AI Systems 'Augment' Human Diagnosticians
Artificial intelligence continues to further automate the practice of medicine, raising concerns that machine-learning systems will put medical professionals out of work. But AI systems are there to "augment" the professionals, offering them expertise and assistance, and not to replace them, according to an article in The New Yorker.
See Also: Artificial Intelligence Virtual Radiology Consultant
Written by Siddhartha Mukherjee, MD, DPhil, assistant professor of medicine at Columbia University Medical Center, the article describes how "deep learning" systems have outperformed human experts in some trials.
In mammography, “computer-aided detection” is becoming commonplace. Pattern-recognition software highlights suspicious areas, and radiologists review the results. The recognition software typically uses a rule-based system to identify a suspicious lesion. Such programs have no built-in mechanism to learn: a machine that has seen three thousand x-rays is no wiser than one that has seen just four.
"One might have expected the accuracy of diagnosis to have increased dramatically after the [computer-aided diagnostic] devices had been implemented. As it happens, the devices had a complicated effect. The rate of biopsies shot up in the computer-assisted group. Yet the detection of small, invasive breast cancers — the kind that oncologists are most keen to detect — decreased," writes the author.
Computer scientists improved on these first-generation diagnostic devices by moving away from rule-based algorithms to learning-based ones. Learning algorithms involve a computing strategy known as a “neural network,” because it’s inspired by a model of how the brain functions. The more powerful devices have something akin to layers of neurons, each processing the input data and sending the results up to the next layer. Hence, “deep learning.”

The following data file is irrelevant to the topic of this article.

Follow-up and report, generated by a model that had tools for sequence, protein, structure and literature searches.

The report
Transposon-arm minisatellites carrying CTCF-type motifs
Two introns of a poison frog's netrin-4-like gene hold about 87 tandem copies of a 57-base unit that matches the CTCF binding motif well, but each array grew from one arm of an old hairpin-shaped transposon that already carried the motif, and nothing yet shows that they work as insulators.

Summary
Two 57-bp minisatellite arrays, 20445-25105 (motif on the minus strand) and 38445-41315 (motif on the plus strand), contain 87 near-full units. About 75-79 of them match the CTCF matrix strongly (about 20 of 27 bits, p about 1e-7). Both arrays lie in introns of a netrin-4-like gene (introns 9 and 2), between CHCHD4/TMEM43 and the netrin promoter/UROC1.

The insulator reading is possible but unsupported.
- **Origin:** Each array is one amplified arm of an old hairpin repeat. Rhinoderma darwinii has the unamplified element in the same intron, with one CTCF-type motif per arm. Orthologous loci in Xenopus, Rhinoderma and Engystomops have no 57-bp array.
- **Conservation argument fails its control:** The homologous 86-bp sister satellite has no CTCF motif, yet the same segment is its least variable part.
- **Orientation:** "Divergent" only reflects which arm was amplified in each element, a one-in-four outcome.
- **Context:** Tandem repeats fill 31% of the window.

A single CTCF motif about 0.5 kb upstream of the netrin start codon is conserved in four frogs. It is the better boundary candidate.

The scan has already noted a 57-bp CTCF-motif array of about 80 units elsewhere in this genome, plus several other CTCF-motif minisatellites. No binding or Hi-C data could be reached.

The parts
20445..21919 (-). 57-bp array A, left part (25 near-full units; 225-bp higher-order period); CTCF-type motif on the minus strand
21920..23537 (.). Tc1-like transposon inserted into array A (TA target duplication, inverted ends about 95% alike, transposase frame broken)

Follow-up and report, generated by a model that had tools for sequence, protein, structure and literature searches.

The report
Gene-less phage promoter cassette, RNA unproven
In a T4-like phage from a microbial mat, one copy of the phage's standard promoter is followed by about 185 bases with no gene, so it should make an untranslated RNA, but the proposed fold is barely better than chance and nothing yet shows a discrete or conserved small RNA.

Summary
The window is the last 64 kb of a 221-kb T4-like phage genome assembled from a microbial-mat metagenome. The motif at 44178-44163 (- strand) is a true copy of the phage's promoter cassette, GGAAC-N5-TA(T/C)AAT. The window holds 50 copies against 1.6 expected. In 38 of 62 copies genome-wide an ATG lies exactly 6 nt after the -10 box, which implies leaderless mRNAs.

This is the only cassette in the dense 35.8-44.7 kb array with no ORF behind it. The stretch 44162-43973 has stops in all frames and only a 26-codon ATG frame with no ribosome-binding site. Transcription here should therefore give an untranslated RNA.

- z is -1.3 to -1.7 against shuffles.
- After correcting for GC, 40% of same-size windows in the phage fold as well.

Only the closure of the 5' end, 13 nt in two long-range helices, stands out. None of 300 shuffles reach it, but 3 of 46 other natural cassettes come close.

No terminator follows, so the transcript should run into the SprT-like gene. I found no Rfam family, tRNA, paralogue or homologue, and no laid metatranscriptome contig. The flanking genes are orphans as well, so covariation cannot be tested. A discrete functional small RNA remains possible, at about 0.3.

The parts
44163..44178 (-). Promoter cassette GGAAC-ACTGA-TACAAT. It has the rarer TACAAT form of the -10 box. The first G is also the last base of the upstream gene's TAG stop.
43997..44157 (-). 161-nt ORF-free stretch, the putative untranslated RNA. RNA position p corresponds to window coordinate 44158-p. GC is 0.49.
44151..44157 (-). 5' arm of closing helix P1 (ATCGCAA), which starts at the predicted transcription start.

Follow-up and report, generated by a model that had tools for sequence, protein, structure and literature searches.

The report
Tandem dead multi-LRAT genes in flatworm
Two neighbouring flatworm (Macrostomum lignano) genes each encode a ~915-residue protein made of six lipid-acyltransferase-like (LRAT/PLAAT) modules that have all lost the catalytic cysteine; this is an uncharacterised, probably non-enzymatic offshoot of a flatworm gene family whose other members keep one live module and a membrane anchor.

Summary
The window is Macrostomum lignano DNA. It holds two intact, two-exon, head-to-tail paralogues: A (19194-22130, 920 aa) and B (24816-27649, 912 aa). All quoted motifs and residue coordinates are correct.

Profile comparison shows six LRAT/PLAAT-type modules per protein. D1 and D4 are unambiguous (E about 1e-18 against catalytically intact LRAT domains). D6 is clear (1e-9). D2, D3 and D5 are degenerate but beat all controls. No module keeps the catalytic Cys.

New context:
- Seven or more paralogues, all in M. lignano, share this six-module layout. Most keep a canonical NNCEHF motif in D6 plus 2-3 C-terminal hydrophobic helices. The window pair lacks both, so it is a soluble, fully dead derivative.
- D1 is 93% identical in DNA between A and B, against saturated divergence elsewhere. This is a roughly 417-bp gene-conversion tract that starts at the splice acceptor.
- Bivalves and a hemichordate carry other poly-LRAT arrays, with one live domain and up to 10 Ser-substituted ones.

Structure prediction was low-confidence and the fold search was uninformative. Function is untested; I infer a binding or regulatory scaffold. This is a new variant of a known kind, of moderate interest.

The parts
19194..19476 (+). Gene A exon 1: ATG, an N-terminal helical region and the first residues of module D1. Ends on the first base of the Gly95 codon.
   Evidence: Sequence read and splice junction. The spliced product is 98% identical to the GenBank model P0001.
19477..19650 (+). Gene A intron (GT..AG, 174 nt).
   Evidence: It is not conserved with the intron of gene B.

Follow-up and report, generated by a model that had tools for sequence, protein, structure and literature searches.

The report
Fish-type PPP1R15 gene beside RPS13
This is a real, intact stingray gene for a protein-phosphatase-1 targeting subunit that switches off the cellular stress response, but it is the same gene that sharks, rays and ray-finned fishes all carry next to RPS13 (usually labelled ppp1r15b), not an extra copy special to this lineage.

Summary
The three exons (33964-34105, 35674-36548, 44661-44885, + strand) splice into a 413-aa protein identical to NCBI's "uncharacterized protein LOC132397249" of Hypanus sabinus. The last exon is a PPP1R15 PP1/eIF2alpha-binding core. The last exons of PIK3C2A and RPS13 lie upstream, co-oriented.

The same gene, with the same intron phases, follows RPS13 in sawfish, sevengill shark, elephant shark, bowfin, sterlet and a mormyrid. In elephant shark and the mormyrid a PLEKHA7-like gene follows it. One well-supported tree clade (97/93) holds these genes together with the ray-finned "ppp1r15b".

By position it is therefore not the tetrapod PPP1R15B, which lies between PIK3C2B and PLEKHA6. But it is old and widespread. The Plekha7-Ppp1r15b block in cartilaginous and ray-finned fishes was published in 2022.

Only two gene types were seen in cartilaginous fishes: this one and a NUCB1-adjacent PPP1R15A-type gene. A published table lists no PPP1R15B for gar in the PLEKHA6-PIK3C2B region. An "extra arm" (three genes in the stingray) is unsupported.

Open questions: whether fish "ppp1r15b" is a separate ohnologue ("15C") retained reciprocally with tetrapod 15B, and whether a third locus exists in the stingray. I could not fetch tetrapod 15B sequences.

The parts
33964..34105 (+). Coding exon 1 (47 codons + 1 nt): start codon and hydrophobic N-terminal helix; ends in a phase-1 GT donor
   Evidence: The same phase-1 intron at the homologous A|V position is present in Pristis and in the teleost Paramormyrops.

Deep-learning Systems and Diagnostic Radiology
Deep-learning systems for breast and heart imaging have already been developed commercially. Geoffrey Hinton, a computer scientist at the University of Toronto, thinks that "deep learning is going to do better than radiologists.” However, Angela Lignelli-Dipple, the chief of neuroradiology at Columbia University Medical Center, points out that diagnostic radiologists aren’t merely engaged in yes-no classification. "They’re not just locating the embolism that brought on a stroke. They’re noticing the small bleed elsewhere that might make it disastrous to use a clot-busting drug; they’re picking up on an unexpected, maybe still asymptomatic tumour," Dr. Lignelli-Dipple explains.
Some of the most ambitious versions of diagnostic machine-learning algorithms seek to integrate natural-language processing (permitting them to read a patient’s medical records) and an encyclopedic knowledge of medical conditions gleaned from textbooks, journals, and medical databases. Both IBM’s Watson Health, headquartered in Cambridge, Massachusetts, and DeepMind, in London, hope to create such comprehensive systems.
“A deep-learning system doesn’t have any explanatory power,” Hinton says. “The more powerful the deep-learning system becomes, the more opaque it can become. As more features are extracted, the diagnosis becomes increasingly accurate. Why these features were extracted out of millions of other features, however, remains an unanswerable question.” The algorithm can solve a case. It cannot build a case.
Machines Not Replacing Human Diagnosticians
The industrial revolution amplified the power of human muscle. The cognitive revolution will allow computers to amplify the capacity of the human mind in the same manner, according to computer scientist Sebastian Thrun. "Just as machines made human muscles a thousand times stronger, machines will make the human brain a thousand times more powerful," he says, adding that these deep-learning devices will not replace radiologists. Thrun was formerly a professor at Stanford, where he directed the Artificial Intelligence Lab.
Source: The New Yorker
Image Credit: Pixabay
Published on : Tue, 4 Apr 2017
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